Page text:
Seoul virus: Rat breeding facility in El Paso County linked to multi-state outbreak

EL PASO COUNTY, Colo. – A rat breeding facility in El Paso County is linked to a multi-state outbreak of the Seoul virus, according to El Paso County Public Health officials.

Two people in the county were also confirmed to be carrying the disease, health officials said Thursday.

Fever, headache, chills, nausea, rash, inflammation or redness of the eyes are some of the symptoms of the Seoul virus. Signs of the symptoms normally begin within one to two weeks after contact, health officials said. In rare cases, infection can also lead to kidney disease and/or failure. The majority of infections are usually moderate, and some people do not experience any symptoms, health officials added.

Those who have had contact with rats recently, and who experience these symptoms should contact their health care provider immediately.

People can become infected with the Seoul virus after coming in contact with urine, droppings, or saliva of infected rodents. When fresh rodent urine, droppings, or nesting materials are disturbed (for example, when vacuuming or sweeping), tiny particles containing the virus get into the air. You may become infected when you breathe in these contaminated materials, according to health officials. You may also become infected when the urine or these other materials containing the virus get directly into a cut, broken skin, or into your eyes, nose, or mouth.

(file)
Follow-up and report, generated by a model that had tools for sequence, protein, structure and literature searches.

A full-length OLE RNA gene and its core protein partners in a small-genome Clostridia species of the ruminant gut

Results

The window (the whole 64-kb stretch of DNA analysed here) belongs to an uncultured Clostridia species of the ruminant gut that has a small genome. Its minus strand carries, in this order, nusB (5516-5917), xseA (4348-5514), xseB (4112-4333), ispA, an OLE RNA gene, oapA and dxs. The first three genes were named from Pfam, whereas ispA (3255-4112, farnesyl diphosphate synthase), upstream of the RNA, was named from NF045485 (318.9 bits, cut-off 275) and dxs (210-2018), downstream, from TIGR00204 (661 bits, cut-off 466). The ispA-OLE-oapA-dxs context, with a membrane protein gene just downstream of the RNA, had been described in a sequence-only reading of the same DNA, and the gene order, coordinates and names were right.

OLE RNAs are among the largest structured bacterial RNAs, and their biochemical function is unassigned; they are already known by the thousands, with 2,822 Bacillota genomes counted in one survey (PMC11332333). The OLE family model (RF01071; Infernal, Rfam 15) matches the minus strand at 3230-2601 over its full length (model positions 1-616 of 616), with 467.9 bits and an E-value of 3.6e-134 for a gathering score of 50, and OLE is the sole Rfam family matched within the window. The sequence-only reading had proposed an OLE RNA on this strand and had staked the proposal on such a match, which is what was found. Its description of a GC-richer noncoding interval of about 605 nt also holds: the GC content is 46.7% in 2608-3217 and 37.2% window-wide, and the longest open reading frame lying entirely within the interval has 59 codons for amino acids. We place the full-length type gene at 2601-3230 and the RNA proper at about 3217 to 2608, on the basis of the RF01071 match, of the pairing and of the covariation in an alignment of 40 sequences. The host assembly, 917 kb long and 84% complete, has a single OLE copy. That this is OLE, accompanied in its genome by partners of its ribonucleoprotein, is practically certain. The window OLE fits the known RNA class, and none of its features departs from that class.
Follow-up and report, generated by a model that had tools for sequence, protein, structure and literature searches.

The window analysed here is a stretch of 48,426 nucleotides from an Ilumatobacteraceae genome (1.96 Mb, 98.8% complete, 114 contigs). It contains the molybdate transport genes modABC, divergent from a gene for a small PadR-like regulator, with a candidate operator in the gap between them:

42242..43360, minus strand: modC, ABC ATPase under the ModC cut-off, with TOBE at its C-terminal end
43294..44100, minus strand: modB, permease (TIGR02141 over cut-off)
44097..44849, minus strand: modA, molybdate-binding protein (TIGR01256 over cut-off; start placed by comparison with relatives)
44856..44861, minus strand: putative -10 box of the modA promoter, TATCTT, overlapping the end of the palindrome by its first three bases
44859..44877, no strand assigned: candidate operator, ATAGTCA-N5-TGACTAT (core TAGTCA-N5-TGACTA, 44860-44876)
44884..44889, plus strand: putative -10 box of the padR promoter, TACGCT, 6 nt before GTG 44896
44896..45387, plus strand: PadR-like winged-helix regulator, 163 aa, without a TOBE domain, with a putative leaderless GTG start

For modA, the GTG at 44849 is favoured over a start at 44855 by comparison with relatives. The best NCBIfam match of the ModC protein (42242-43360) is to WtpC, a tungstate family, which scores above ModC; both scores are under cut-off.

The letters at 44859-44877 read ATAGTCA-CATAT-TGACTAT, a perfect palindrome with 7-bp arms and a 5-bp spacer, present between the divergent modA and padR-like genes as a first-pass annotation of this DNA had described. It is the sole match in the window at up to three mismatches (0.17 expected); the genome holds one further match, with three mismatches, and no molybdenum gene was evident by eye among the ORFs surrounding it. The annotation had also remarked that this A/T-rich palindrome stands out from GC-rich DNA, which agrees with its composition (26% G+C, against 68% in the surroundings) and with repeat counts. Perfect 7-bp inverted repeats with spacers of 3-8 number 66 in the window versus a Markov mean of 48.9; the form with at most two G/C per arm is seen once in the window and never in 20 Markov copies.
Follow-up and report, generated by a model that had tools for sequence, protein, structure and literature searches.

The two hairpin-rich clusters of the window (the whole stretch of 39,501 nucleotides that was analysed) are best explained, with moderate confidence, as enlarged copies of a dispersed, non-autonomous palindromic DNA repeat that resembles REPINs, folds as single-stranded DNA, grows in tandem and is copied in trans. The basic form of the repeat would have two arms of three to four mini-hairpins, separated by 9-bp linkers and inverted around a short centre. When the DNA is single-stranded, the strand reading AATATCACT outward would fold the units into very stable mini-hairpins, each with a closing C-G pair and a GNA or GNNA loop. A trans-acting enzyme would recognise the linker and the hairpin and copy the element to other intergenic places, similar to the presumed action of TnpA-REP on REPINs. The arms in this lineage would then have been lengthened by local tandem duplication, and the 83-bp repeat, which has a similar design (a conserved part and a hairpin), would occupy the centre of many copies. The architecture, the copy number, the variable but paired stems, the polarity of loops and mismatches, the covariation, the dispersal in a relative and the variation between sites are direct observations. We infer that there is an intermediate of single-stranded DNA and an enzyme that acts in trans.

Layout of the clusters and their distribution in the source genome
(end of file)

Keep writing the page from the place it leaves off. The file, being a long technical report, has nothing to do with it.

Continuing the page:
The Seoul virus is not known to spread from person to person.

A blood test is enough to confirm if someone is infected with the virus.

The El Paso County Public Health Department recommends you take the following steps to avoid getting infected with the disease: 

  • Wash your hands thoroughly with soap and water after handling pets or areas where pets have been.
  • Keep small pets and their cages out of kitchens or other areas where food is served.
  • Pet cages, bedding, toys, food or water containers should be cleaned away from areas where food is served or people may bathe.
  • Use gloves and a face mask for cleaning.
  • Avoid creating dust from bedding materials by wetting down with disinfectant.
  • Do not sweep or vacuum up rodent urine, droppings, or nests - this creates airborne particles.
  • Cover cuts and scratches before handling your pet.
  • Don’t keep small pets in a child’s bedroom, especially children younger than five years.
  • Don’t snuggle or kiss small pets, touch your mouth after handling small pets, or eat or drink around them.

Colorado is one of 12 states under investigation by the Centers for Disease Control after rodents potentially carrying the virus were distributed across the nation. 

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